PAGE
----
One hour in the Out-patient Department clinic with Mr Riaz - A bird's-eye view
Cleft Hospital, Gujrat
10am: There's hardly a free seat in the waiting room. Mothers cradled babies in their arms, fathers try to keep older children entertained and teenagers wait for their names to be called.
Rafia, in her black hijab, casts her eyes down the long list of names on the clipboard.
Along the corridor, plastic surgeon Muhammad Riax sits in the consulting room, a huge pile of patients' notes in front of him.
Nabeel Cheema, 24, graduated as a doctor just two weeks and is about to start a year-long internship at Mayo Hospital. He is here to observe.
10.03am: Chris Theopold, a cleft lip and palate surgeon from Dublin, joins Mr Riaz in the consulting room.
The man with the black scarf pulled over his face takes his seat at the side of Mr Riaz's desk. He removes the scarf to reveal signs of previous surgery on his face.
Mr Riaz explains one side of the man's face was ravaged by illness and, a year ago, he used part of the man's shoulder to rebuild the face.
The man has since put on weight and it's causing extra weight around his jaw, making it uncomfortable.
Mr Riaz explains how he will remove some of the excess tissue to reduce the pressure on the man's jaw.
10.08am: Consultant anaesthetist Zahid Rafique enters the room to tell Mr Theopold his patient is ready for surgery and the two men leave together.
Rafia shows in the next patient, a woman with a 15-month-old baby.Mr Riaz explains the baby has a congenital weakness of one side of her face. Part of her ear is missing and the tongue is short, affecting her speech. She's booked in to be seen again.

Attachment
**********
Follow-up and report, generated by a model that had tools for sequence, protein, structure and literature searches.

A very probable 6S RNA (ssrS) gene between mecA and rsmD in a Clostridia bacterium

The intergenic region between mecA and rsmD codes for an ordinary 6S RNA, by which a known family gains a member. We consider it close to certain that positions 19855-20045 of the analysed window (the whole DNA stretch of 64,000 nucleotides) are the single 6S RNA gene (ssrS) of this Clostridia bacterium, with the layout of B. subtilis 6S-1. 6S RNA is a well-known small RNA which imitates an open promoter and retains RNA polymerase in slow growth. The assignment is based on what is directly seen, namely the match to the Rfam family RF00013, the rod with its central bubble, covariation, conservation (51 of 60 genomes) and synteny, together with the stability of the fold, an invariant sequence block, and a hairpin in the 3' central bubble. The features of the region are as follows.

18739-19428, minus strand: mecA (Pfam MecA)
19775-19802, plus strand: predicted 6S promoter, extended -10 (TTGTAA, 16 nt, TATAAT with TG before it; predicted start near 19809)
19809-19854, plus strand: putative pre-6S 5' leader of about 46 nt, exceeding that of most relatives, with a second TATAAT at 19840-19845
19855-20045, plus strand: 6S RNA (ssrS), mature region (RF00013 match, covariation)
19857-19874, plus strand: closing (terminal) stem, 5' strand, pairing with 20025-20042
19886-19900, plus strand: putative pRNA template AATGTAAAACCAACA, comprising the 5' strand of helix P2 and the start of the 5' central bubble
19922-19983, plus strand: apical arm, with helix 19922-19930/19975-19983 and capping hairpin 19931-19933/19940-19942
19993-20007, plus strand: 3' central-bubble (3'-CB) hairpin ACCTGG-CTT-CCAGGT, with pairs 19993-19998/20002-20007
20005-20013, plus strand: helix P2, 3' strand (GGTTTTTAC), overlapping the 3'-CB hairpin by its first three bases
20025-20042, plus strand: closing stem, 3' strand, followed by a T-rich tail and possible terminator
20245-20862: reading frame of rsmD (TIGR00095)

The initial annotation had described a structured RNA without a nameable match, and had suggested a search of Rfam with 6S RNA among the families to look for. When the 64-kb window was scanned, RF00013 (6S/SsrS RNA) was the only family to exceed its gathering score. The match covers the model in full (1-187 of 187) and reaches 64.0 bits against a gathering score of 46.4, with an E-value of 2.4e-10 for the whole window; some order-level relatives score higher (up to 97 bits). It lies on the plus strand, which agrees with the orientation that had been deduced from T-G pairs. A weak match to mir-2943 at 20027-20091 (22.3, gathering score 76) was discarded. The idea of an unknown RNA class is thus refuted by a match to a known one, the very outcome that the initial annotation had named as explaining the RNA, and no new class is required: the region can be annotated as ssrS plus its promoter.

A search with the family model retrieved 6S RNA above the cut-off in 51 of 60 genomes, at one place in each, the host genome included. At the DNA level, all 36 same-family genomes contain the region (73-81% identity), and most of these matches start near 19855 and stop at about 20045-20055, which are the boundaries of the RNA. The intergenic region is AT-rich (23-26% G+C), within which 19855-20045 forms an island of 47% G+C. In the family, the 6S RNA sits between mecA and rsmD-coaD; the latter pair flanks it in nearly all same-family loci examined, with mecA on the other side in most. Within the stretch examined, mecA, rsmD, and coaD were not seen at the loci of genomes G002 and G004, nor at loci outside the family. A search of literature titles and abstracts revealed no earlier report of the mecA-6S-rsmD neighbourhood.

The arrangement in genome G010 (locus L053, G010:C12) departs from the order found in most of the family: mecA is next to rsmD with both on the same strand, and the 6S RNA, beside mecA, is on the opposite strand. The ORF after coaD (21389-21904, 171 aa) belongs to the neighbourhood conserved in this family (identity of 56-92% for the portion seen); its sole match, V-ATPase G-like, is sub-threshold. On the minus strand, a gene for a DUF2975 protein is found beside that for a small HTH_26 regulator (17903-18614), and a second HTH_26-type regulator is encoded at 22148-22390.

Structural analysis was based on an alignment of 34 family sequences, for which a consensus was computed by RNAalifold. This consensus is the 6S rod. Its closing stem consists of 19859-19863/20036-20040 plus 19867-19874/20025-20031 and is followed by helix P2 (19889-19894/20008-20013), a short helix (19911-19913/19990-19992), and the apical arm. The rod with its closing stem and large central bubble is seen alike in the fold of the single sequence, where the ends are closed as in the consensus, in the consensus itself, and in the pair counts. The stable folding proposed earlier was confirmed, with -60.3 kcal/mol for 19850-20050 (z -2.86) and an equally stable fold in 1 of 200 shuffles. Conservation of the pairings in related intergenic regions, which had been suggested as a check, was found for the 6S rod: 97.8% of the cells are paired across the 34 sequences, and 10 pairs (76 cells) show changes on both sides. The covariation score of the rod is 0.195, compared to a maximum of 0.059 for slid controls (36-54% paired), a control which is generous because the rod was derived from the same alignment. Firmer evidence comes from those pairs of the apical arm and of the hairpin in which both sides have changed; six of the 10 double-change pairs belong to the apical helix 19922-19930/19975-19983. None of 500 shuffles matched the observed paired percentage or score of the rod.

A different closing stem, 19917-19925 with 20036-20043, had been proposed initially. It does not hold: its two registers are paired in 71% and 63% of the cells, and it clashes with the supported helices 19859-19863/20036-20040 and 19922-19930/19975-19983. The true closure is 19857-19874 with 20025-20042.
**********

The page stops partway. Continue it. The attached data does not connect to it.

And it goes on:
10.15am: A teenage girl walks in the room with her parents. Part of her eyelid is missing. In the grand scheme of things, it's not the worst disfigurement at the Cleft Hospital today. But Mr Riaz understands that for the young girl in this image-conscious world, it's a big deal.
"A lot of surgeons wouldn't do it for here," he says. "It's a small operation but I can understand why she wants it doing. She feels everyone looks at it when they're talking to her. We'll just make her look the same as everyone else and that's when her confidence will grow."
The girl, realising her operation is being scheduled, leaves with a smile on her face.
10.18am: A father carries his baby into the room. sitting next to Mr Riaz, he removes the baby boy's happy. The boy's bladder doesn't have an anterior wall. If left like this, the baby will be incontinent, prone to urinary tract and kidney infections. He's booked in for surgery.
10.24am: He's a 12-year-old boy who underwent surgery after a serious fall injured his face. He has a congenital problem resulting in a wide bridge of his nose and his eyelids are tight, although he has good eye movement.
Again, Mr Riaz knows some surgeons wouldn't go to the trouble of operating on the boy whose face has already had the worst of the damage repaired. But it's not about meeting minimum standards for the highly skilled plastic surgeon, it's about achieving the best for patients.
"I can make the upper lip better for him," he says. "This boy keeps coming every year and we can keep an eye on him and follow things up."
10.30am: A young girl with a mask, attached to her veil, hanging over her face, comes into the room with her father. He asks her to detach the mask and she takes it off revealing a large port wine stain on the right side of her face. Mr Riaz tells the father it can be corrected with laser and the form is filled in.